• Mary Grace thrives on open water swimming in Puerto Vallarta. But when she spotted a hammerhead shark, her sympathetic nervous system went into action. Her blood pressure increased, her heartbeat elevated, and her digestion slowed.

Parasympathetic Division

  • When Mary Grace finishes swimming with the whales, she chills with her husband and friends. Here, the parasympathetic nervous system plays a rest and digest tune. Relaxation and laughter set in. The sympathetic nervous system calms down. [8]

Vagus Nerve

The vagus nerve is our physiology’s fitness coach.  It guides the brain’s connections with the spine, heart, lungs, kidneys, and gut. The VN transitions the autonomic nervous system from stress to rest and back again as appropriate.

When Mary Grace’s sympathetic nervous system was overactivated, her parasympathetic nervous system and vagus nerve underperformed.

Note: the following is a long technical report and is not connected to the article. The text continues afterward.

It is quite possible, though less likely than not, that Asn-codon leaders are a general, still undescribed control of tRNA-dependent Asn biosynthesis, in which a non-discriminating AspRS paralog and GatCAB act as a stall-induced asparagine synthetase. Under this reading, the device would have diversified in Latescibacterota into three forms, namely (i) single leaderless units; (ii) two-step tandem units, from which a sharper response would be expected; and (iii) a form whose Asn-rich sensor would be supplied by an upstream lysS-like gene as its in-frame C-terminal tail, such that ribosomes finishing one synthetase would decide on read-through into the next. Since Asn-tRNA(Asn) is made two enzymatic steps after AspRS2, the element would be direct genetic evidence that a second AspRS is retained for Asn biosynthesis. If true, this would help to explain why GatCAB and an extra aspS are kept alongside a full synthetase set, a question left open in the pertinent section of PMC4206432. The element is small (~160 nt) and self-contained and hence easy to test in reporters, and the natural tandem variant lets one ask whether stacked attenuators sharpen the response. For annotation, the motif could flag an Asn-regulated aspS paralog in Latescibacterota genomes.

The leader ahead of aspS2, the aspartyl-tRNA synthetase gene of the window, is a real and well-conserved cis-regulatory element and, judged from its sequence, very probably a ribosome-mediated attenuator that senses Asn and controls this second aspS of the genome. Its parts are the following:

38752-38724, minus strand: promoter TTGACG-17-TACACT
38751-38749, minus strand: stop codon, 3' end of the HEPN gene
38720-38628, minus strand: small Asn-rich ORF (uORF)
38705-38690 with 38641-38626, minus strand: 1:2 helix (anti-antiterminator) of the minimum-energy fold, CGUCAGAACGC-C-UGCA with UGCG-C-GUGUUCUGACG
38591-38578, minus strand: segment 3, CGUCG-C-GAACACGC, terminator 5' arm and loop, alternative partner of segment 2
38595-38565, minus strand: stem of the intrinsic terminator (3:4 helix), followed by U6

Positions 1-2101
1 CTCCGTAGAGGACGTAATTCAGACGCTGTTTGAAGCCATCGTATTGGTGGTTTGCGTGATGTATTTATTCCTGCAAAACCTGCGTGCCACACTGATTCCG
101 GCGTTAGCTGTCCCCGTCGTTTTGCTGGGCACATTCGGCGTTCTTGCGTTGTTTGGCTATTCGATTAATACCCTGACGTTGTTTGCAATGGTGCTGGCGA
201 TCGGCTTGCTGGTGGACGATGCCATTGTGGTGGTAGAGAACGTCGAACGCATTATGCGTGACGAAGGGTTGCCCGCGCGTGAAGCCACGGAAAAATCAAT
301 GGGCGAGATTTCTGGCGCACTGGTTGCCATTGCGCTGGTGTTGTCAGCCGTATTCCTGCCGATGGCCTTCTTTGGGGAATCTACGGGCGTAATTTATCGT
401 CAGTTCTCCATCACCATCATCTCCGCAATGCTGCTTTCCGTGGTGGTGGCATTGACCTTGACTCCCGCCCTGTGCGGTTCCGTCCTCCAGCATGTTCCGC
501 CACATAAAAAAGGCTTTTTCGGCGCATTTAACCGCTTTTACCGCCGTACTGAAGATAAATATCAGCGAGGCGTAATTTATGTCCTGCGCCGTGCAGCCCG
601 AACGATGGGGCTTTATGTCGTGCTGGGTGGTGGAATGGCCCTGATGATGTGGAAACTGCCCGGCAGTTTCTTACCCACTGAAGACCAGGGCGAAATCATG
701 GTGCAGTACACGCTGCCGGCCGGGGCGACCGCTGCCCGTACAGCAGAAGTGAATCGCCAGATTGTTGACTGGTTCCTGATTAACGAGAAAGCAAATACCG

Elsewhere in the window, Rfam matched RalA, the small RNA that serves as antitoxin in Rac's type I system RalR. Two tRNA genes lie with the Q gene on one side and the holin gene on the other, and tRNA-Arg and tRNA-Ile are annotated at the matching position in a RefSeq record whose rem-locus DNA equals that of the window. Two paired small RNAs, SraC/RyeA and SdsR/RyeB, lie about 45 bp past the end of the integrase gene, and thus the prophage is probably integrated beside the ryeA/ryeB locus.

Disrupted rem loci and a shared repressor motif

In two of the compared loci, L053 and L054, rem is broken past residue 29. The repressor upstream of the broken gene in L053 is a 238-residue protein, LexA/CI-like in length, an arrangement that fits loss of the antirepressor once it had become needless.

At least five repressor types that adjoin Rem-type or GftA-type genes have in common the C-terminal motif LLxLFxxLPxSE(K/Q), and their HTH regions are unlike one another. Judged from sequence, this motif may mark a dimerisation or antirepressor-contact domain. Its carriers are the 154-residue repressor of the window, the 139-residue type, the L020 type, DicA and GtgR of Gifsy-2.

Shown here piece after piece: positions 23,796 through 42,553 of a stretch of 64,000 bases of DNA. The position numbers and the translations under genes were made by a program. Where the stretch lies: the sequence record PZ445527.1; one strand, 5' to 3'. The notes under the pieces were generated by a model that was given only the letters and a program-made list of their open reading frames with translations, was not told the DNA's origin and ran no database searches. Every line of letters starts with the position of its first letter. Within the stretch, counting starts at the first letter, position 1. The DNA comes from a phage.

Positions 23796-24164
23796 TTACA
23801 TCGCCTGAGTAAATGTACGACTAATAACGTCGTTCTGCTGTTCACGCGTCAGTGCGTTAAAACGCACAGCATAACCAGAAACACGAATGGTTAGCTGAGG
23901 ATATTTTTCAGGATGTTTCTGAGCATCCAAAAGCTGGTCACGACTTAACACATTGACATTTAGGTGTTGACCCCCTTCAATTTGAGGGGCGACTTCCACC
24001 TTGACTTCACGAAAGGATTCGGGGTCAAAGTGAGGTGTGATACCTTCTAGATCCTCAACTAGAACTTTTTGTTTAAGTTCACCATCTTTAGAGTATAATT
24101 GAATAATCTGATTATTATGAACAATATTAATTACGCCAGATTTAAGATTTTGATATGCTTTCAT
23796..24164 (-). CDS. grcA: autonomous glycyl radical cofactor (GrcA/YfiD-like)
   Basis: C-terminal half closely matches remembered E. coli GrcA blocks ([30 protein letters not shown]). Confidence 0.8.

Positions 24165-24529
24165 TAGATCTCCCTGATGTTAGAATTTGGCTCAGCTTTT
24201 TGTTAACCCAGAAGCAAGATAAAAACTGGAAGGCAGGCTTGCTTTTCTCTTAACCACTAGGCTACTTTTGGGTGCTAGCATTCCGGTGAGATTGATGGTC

A hyperactive sympathetic response raises cortisol and adrenaline levels, lighting the inflammation fire. Then, the immune system throws gas on the flames, resulting in autoimmune diseases. [9]

Parasympathetic underactivity or reduced vagal tone contributes to depression, brain fog, fatigue, insomnia, and weakness. It’s like resting when you don’t want to and not being able to sleep when you need to. [10]

ADRCs Restore ANS Function and Vagal Tone

In 2017, researchers at Houston Methodist documented significant ANS improvements in two patients with autonomic dysfunction (dysautonomia)/ after a single autologous adipose-derived stem cell (ADSC) infusion.

The post-treatment follow-up studies showed:

  • Increased vagal tone
  • Stabilized blood pressure and heart rates
  • Improved circulation in the brain
  • Reduced Inflammatory markers [11]

Mary Grace’s revived mental clarity, energy, and lack of pain indicate her ADRCs restored enduring ANS function.

Tiger’s Travails

In contrast to Mary Grace’s near pain-free turnaround, Tiger Woods epitomizes the risks of excessive training and relying on surgeries, followed by medications, to manage his pain and depression.